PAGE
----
Sero-prevalence of hepatitis C virus amoung patients attending STD clinic in Ibadan, Nigeria

AA Oni, GN Odaibo, OD Olaleye, RA Bakare, SO Ola



In the tropics, hepatitis C virus (HCV) seroprevalence ranges from < 0.2% in whole Africa. A strong association between HCV and hepatitis B surface antigen (HBsAg)-negative chronic liver disease and hepatocellular carcinoma has been described. Hepatocellular carcinoma (HCC) is one of the most common cancers among Africans, and in Nigeria by 1970 the estimated rate was 6.6 per 100,000 populations per annum. Sexual transmission was regarded as a minor cause of HCV, the degree of which has not been properly evaluated in most environments. Since it has been established that sexual transmission is an important mode of acquisition of the infection, we therefore set out to find the seroprevalence of HCV among 95 patients attending sexually transmitted diseases (STD) clinic in University College Hospital, Ibadan, Nigeria with a view to recommending preventive and control measures of HCV in our community. The sera collected from these respondents were used for screening for syphilis using the VDRL test, and for HCV antibodies using the MONOLISA anti-HCV (Sanofi, Pasteur France). Mid-stream urine was collected from all participants, and urethral swabs from all male participants while endocervical and high vaginal swabs were collected from female participants. Ulcer swabs were collected from those with genital ulcers. The prevalence of HCV infection was found to be 37.9% in patients presenting with STDs. This comprised 38.9% of males and 61.1% females. This prevalence rate is very high compared with the rate in the general population and other “high-risk” groups in previous studies in the same environment. Factors associated with HCV infection in this environment include high heterosexuality, high level of education, and previous instrumentations such as in scarifications and termination of pregnancy. Prevention and control of STDs will definitely reduce HCV infection and hence the attendant consequences, particularly hepatocellular carcinoma, in our environment.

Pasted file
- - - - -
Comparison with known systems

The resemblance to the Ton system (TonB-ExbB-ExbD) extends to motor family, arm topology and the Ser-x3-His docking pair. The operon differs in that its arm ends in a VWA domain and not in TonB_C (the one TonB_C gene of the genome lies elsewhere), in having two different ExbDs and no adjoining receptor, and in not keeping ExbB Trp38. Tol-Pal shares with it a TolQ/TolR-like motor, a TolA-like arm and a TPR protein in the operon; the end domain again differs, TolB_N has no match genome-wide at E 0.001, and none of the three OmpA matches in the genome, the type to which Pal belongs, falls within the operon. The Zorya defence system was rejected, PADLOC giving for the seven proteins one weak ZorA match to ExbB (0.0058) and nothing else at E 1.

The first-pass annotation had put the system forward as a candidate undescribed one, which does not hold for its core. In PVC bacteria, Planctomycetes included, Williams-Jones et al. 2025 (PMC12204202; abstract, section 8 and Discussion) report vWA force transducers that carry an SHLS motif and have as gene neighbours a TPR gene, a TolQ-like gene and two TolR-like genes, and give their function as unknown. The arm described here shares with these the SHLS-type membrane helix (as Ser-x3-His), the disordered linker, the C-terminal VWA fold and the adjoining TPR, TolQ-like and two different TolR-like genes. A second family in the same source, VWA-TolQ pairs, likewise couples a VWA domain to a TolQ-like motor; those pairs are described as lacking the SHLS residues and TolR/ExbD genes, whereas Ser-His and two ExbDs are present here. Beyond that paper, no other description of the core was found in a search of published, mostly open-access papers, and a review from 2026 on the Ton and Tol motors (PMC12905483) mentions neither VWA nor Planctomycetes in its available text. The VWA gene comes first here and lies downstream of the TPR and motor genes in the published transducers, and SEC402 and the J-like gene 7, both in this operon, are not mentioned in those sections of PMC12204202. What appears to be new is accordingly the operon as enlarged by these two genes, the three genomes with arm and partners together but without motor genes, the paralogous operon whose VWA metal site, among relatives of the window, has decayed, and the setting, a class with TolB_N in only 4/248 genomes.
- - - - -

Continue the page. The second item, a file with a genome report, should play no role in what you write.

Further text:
Afr. J. Clin. Exper. Microbiol. Vol.6(1) 2005: 53-59